Details

Australian Metal Music: Identities, Scenes, and Cultures
Type: Book
ISBN: 978-1-78769-167-4

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Article
Publication date: 10 September 2018

Xuan Pham, Laura Fitzpatrick and Richard Wagner

The purpose of this paper is to examine why the gender pay gap (GPG) – with its significant social costs generated through disadvantaging half of the population – persists…

Abstract

Purpose

The purpose of this paper is to examine why the gender pay gap (GPG) – with its significant social costs generated through disadvantaging half of the population – persists in the USA despite decades-long efforts toward eradication.

Design/methodology/approach

A social provisioning approach, rooted in heterodox economics, is used to examine institutions that create and maintain the US GPG. The GPG is not a natural phenomenon, and, thus, must be examined within a specific social and historical context.

Findings

The analysis finds that the institutions of capitalism and patriarchy have created and perpetuated the GPG; however, mainstream economic theory does not consider these institutions and goes as far as explaining away the problem. Current US policies are formulated from this mainstream economic perspective, and, thus, are inherently flawed. The authors propose a reorientation toward a social provisioning theoretical perspective to analyze the GPG, which provides a more meaningful and practical foundation for policy formulation.

Originality/value

This paper provides a comprehensive examination of effective and ineffective theories and policies for addressing the GPG. Additionally, the authors provide concrete policy recommendations to eradicate the GPG.

Details

International Journal of Sociology and Social Policy, vol. 38 no. 9/10
Type: Research Article
ISSN: 0144-333X

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Abstract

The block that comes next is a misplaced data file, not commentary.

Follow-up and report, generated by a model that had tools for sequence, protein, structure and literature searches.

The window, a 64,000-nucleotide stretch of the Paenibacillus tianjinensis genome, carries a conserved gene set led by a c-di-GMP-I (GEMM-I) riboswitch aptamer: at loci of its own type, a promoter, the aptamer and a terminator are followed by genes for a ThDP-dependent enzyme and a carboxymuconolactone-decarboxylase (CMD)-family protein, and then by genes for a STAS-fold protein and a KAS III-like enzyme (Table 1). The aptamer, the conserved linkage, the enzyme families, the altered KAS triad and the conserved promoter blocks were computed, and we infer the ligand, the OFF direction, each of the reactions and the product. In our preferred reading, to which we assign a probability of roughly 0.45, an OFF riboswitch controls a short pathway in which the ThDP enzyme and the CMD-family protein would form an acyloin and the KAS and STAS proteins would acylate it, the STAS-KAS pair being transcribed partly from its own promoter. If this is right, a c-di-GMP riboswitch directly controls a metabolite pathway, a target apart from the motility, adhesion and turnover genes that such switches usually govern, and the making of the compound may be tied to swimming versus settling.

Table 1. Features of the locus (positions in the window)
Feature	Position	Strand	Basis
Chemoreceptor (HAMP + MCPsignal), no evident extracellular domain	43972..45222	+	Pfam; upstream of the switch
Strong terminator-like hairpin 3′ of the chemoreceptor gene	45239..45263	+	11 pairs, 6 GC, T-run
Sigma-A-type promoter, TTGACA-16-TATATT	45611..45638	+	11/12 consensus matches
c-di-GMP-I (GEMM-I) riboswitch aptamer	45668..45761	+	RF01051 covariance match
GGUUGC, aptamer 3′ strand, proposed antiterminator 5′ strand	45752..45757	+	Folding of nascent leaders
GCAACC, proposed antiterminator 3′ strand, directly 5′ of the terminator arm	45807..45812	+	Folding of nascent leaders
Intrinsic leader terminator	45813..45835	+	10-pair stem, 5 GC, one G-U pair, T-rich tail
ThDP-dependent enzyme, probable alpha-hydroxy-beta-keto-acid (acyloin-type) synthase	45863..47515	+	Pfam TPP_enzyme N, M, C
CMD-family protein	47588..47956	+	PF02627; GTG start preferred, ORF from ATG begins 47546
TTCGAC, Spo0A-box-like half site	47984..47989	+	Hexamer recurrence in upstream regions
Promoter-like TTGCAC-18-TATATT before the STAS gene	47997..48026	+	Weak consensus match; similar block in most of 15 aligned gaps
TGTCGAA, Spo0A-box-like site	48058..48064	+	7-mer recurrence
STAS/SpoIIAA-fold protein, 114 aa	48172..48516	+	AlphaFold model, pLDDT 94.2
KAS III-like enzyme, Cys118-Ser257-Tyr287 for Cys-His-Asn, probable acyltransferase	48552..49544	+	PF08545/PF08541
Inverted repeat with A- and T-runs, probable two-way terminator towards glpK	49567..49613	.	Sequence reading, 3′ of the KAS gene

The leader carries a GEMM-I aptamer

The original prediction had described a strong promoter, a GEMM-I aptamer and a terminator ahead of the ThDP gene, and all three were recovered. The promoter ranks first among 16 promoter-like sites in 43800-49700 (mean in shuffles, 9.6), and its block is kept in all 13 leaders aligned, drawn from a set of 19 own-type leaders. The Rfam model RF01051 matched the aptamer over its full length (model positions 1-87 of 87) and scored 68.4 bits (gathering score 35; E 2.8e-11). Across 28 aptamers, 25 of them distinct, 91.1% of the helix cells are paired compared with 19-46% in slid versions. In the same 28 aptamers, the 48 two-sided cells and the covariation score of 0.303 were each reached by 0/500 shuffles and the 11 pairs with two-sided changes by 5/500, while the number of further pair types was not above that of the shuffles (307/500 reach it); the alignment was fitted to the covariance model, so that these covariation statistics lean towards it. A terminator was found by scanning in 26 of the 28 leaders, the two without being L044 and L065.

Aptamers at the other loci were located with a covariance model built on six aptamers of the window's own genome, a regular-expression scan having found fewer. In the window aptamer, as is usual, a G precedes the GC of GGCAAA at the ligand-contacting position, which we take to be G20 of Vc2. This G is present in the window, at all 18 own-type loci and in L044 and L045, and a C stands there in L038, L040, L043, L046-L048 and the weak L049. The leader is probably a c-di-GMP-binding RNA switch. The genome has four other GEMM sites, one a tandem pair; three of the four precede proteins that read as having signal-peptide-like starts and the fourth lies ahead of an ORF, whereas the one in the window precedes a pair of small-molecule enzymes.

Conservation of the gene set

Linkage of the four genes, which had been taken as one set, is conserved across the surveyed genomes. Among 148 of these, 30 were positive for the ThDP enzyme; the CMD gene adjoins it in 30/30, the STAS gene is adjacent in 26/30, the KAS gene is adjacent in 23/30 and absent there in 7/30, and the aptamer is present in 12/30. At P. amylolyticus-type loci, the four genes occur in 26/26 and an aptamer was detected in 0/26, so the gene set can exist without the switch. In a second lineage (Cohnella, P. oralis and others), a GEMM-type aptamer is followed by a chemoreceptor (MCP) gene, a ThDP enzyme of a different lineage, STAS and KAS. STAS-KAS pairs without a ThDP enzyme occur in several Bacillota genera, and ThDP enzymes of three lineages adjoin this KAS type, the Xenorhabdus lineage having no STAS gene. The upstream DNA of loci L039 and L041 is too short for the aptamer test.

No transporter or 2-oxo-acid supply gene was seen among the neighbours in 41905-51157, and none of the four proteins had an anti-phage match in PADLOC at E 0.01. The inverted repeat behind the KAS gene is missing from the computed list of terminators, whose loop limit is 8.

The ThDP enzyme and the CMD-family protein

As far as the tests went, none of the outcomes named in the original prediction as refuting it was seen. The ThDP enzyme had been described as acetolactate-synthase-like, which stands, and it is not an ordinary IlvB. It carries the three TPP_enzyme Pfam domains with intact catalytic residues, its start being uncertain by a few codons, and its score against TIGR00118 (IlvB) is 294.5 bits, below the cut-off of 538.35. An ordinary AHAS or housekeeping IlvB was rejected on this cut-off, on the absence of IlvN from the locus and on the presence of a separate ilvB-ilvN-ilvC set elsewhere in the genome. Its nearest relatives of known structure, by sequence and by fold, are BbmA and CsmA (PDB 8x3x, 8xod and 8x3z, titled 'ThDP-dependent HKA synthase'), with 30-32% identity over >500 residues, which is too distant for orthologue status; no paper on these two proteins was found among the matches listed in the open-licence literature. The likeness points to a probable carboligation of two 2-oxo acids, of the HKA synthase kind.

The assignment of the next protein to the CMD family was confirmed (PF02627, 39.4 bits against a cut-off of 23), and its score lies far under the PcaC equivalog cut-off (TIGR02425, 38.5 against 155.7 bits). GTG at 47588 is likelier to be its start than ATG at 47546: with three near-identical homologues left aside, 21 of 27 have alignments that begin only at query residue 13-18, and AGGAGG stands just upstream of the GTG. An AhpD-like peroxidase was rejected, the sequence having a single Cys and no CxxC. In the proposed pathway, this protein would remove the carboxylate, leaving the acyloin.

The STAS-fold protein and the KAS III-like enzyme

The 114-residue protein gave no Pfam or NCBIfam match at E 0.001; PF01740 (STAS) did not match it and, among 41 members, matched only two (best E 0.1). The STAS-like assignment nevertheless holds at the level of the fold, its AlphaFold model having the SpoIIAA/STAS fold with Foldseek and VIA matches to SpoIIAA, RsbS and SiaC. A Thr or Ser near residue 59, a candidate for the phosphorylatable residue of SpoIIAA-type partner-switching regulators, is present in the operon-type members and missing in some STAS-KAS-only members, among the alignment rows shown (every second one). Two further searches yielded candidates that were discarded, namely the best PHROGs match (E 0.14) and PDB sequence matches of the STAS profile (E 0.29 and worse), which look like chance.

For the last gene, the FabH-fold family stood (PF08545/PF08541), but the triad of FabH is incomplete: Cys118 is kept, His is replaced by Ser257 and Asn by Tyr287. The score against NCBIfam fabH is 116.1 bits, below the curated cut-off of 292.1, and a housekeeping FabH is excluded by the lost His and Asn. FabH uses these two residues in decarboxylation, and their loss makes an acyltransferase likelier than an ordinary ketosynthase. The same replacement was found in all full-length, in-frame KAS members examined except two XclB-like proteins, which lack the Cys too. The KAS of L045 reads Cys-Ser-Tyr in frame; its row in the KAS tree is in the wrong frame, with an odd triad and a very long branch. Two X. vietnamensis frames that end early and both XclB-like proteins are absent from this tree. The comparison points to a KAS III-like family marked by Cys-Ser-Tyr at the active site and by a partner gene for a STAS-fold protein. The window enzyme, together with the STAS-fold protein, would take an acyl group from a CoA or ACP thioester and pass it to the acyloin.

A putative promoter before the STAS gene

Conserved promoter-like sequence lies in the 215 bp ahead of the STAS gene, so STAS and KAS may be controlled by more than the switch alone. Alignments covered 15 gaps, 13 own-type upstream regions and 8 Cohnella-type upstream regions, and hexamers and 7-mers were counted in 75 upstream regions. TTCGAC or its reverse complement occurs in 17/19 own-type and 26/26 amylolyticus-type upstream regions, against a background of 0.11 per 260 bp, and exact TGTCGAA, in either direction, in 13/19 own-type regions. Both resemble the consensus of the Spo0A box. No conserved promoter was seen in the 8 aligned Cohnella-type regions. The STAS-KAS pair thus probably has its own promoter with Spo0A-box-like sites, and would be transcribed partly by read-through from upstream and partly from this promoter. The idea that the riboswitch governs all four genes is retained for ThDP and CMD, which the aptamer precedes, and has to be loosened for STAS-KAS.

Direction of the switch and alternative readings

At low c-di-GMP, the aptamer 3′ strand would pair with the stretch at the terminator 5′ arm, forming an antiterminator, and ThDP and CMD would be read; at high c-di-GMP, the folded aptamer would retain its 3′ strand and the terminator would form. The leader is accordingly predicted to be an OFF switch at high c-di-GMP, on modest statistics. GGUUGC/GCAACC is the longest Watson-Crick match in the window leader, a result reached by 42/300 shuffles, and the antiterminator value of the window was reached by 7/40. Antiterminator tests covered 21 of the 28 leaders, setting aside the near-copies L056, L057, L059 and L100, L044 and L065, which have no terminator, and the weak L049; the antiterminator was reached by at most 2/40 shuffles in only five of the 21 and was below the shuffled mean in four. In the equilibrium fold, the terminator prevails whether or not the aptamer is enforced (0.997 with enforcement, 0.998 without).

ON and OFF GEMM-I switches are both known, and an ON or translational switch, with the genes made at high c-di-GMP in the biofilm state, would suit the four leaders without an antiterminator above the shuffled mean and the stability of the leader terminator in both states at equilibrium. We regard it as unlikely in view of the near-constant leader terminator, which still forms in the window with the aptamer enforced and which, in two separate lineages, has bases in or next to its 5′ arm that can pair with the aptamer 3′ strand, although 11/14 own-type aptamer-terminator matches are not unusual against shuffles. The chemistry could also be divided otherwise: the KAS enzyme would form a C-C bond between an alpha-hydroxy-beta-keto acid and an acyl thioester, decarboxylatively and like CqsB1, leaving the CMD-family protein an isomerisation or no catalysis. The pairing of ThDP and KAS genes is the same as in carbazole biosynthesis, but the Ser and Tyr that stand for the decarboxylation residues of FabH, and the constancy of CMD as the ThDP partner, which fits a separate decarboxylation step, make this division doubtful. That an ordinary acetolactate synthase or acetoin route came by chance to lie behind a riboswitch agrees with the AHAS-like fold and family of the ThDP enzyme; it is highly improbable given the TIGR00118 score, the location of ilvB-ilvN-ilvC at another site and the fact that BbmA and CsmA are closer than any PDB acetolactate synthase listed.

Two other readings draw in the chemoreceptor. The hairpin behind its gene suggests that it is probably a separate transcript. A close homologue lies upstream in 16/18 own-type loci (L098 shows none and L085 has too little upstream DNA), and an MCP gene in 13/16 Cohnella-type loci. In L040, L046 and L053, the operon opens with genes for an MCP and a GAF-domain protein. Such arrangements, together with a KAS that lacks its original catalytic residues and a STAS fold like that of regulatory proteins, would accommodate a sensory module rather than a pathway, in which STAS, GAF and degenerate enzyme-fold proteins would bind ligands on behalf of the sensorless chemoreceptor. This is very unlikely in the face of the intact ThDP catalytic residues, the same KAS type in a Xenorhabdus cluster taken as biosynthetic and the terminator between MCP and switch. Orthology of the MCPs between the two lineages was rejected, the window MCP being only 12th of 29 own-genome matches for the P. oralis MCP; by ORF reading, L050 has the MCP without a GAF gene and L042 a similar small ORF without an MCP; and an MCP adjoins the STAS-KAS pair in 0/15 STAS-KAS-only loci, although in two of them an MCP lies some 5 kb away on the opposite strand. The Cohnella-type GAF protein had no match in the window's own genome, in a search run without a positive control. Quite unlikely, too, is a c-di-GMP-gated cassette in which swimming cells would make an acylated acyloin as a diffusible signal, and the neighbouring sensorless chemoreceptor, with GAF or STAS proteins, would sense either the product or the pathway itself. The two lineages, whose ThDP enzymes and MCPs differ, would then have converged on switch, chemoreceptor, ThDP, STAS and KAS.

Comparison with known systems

The concept of brand image has received considerable attention in marketing (Batra & Homer, 2004; Dhar & Wertenbroch, 2000; Roth, 1992; Thompson, Rindfleisch, & Arsel, 2006; van Reijmersdal, Neijens, & Smith, 2007; van Rekom, Jacobs, & Verlegh, 2006), yet there is still little agreement on its definition and operationalisation in the literature. As Dobni and Zinkhan (1990) observed, despite the frequent use by scholars of the term “brand image,” its definitions in the literature tend to focus on different elements. It is possible to group definitions of brand image into different categories. For example, brand image has been defined as (a) an attitude extending its meaning beyond the physical product (e.g., Reynolds & Gutman, 1984) and (b) perception, relating brand image to psychological aspects of a product's tangible attributes (e.g., Keller, 1998). One generally accepted view is that brand image can be defined as perceptions regarding a brand as reflected by the cluster of associations that consumers connect to the brand name in memory (Herzog, 1963). This is consistent with an associative network memory model. Thus, “brand associations are the other informational nodes linked to the brand node in memory and contain the meaning of the brand for consumers” (Keller, 2003, p. 66).

Details

New Challenges to International Marketing
Type: Book
ISBN: 978-1-84855-469-6

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Article
Publication date: 1 June 2003

Laura Bragato and Kerry Jacobs

This paper describes the development and implementation of care pathways in two orthopaedic units in Scotland. Although originally developed as a tool of project…